Ginger helps your body absorb essential nutrients as well as really helping feelings of nausea and tummy pain. I love to drink a mug of hot water with a slice of lemon and a chunk of ginger after a big meal. It tastes so fresh and pure, and is a very good way to hydrate for people who don’t drink enough water .

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Ingredients:

Serves 2

2 Cloves of garlic

A knob of ginger

Fresh chilli

1 tbsp almond butter

2 cups coconut milk

2 cups mushrooms

1 big tomato

1 courgette

Splash of soy sauce and a squeeze of lemon to season

Basil

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Method:

Boil the kettle and add two cups of hot water to a saucepan. Finely chop the chilli, garlic and ginger and add to the water. Chop all the veg and after a few minutes add all other ingredients to the saucepan. Cook into the veg are warmed through but still have some bite, then take off the heat, pour into two bowls, top with torn basil and serve.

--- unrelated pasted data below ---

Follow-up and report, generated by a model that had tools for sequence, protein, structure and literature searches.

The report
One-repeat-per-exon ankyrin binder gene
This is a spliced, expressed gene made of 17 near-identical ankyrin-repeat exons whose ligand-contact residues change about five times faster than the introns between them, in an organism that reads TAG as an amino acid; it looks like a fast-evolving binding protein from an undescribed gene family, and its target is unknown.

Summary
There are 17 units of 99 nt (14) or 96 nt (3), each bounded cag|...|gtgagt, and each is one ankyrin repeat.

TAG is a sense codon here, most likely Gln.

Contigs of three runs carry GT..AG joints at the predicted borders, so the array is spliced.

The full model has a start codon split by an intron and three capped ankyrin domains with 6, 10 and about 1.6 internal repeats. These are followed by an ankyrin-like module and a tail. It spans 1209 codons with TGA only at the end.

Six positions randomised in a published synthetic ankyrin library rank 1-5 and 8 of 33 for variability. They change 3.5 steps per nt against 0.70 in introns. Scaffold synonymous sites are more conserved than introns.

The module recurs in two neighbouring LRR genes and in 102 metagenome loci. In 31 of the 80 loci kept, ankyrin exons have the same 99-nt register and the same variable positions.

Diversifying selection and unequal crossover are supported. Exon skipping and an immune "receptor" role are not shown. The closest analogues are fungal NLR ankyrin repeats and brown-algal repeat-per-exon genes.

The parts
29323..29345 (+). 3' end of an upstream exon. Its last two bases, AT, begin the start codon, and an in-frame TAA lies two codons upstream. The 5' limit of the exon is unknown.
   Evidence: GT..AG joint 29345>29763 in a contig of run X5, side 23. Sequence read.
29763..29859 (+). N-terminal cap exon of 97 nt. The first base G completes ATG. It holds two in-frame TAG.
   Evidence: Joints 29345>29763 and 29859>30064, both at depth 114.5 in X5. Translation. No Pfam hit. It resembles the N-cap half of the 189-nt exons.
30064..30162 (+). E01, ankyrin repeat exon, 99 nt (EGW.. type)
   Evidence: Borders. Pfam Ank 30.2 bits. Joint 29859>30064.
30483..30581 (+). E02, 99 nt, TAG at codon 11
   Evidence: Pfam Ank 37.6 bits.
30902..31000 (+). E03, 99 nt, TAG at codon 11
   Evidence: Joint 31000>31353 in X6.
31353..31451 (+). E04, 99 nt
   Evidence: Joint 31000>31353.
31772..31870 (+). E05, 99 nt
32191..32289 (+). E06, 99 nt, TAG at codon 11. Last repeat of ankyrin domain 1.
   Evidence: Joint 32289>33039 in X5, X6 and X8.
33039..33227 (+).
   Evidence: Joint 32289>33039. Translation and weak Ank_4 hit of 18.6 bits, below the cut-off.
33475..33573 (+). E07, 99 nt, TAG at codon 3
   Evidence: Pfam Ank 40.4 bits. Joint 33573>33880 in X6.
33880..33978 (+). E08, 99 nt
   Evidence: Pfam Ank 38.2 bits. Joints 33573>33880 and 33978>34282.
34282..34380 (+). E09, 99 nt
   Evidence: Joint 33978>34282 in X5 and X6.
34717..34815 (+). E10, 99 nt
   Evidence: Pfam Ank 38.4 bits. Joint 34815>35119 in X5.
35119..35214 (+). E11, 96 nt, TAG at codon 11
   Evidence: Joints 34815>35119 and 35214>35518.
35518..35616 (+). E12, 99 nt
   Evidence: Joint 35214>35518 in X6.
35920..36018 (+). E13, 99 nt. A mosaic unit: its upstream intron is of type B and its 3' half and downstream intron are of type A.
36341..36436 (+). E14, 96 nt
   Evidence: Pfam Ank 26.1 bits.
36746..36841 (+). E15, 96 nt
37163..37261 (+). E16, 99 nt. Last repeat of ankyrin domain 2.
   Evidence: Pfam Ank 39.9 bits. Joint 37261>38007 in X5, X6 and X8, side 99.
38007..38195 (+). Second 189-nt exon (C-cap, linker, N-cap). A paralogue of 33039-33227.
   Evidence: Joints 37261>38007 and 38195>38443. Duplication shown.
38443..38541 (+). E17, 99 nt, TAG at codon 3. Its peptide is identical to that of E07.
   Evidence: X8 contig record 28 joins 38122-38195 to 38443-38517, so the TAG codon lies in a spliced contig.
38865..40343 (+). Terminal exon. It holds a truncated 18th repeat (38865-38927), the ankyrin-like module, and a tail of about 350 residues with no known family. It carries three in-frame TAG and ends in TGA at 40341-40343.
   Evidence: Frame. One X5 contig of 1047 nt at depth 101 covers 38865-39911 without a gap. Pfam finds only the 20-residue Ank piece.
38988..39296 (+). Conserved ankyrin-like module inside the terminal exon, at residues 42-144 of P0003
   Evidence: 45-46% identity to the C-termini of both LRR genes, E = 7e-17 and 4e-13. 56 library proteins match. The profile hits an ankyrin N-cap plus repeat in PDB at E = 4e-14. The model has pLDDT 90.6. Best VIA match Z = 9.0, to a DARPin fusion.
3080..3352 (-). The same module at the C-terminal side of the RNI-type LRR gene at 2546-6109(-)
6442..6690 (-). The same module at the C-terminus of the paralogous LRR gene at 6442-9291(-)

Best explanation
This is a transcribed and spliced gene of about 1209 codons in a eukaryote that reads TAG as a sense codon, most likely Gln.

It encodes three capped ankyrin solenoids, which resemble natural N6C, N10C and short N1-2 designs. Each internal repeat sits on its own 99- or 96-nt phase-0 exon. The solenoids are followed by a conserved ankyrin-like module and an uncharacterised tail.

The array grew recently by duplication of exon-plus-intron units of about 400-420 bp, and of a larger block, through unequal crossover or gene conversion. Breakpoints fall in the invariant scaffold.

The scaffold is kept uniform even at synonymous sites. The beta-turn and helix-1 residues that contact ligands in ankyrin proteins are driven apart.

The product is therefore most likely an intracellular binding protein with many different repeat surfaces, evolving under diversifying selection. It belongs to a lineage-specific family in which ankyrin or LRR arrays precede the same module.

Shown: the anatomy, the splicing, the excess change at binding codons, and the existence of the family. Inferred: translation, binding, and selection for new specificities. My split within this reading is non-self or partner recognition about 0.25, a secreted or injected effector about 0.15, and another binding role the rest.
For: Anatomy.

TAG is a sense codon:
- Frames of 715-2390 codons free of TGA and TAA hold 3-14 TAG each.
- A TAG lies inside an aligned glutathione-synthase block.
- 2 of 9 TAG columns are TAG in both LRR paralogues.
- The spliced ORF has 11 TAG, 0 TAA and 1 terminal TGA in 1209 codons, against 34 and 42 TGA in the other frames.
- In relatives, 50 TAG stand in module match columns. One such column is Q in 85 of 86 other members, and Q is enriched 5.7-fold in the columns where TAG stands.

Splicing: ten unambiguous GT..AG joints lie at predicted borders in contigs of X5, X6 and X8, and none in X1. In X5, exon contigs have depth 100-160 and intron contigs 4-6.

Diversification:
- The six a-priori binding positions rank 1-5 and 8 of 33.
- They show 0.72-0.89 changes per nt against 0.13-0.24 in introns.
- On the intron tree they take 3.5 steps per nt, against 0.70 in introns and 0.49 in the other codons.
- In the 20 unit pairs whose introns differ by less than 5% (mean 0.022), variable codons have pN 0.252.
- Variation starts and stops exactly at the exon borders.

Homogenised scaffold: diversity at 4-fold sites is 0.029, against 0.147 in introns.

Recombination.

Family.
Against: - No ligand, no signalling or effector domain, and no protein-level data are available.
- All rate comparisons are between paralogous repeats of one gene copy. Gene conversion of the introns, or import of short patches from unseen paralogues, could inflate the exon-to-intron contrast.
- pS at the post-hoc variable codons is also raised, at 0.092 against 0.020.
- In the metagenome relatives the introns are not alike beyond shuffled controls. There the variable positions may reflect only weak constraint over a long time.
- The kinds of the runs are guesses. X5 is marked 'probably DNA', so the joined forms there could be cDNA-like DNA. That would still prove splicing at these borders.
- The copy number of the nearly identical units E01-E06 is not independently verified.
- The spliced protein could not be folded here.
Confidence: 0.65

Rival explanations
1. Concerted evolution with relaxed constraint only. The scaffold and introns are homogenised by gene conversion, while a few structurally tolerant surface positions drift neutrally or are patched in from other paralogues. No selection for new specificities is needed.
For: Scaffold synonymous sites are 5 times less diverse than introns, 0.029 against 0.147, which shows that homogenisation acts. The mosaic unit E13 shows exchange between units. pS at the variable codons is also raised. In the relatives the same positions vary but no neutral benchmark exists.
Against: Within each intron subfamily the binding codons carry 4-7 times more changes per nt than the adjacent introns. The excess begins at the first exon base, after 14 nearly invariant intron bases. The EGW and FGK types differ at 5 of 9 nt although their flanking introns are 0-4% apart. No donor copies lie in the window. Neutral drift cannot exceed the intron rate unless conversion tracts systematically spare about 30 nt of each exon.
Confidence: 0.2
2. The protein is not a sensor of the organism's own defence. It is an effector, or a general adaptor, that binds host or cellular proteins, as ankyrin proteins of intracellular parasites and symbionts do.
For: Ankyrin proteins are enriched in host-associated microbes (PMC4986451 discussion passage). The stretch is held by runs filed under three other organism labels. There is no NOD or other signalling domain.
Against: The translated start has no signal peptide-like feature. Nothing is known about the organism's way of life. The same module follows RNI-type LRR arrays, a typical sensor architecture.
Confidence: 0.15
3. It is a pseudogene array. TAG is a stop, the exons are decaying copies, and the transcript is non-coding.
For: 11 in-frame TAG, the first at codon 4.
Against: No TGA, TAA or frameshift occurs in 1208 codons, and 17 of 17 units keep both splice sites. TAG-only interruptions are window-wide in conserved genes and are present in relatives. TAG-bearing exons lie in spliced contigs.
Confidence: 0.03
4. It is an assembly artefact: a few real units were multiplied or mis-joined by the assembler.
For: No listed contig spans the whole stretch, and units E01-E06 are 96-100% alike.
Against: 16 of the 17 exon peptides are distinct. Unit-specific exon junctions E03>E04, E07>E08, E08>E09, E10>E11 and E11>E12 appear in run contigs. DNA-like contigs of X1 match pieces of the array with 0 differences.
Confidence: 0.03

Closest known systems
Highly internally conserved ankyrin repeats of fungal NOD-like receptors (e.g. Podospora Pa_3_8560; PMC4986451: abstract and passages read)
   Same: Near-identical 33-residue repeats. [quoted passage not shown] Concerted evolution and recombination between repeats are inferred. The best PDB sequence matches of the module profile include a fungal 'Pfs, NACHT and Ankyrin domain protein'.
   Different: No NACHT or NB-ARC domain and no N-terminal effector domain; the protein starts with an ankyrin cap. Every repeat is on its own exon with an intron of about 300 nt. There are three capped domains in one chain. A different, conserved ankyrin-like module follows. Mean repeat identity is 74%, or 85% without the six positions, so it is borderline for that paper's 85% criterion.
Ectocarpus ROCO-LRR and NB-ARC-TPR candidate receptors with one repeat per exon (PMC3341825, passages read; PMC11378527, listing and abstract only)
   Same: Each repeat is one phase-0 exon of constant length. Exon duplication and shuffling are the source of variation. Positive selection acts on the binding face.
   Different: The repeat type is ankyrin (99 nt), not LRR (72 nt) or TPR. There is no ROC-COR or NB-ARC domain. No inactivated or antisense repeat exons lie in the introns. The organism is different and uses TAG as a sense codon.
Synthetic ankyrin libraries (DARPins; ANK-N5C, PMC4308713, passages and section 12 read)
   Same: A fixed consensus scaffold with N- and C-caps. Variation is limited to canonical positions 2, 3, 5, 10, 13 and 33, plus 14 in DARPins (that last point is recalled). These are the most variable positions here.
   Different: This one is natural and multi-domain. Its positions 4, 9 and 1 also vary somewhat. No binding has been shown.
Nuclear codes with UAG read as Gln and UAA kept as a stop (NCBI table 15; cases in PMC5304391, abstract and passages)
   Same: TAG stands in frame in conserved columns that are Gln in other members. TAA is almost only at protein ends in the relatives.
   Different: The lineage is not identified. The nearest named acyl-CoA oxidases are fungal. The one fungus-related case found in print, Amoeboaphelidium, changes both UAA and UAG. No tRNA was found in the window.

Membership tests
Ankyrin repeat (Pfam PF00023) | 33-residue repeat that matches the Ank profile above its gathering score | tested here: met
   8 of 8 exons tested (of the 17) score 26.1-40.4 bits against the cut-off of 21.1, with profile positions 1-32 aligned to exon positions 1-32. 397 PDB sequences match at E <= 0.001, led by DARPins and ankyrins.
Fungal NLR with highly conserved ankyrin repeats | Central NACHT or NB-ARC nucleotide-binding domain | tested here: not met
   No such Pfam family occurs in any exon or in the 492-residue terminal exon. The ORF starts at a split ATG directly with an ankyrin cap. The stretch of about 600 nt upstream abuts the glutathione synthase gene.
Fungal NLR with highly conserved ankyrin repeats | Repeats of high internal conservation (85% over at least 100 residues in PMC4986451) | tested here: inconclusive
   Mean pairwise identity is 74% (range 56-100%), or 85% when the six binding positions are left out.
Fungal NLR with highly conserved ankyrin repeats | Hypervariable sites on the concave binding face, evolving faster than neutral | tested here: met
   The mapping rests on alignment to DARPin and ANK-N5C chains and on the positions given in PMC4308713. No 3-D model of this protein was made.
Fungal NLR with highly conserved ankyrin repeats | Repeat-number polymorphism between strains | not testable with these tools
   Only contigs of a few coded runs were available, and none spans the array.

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Spicy Summer Gazpacho

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As the sunny, summer weather and the warm evenings continue, I still just want to eat fresh, light meals, and this chilled tomato soup is perfect. I am back in Paris, where the sun is shining, and after spending the morning strolling the local fruit markets, there is no lunch more refreshing than a cool bowl of gazpacho.

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Since the only ingredients are fresh vegetables, a little garlic and chilli and water, this is totally virtuous yet insanely delicious. I don’t know if it is due to the warmer temperature that the tomatoes out here are so firm and juicy, but they really put the ones back home to shame.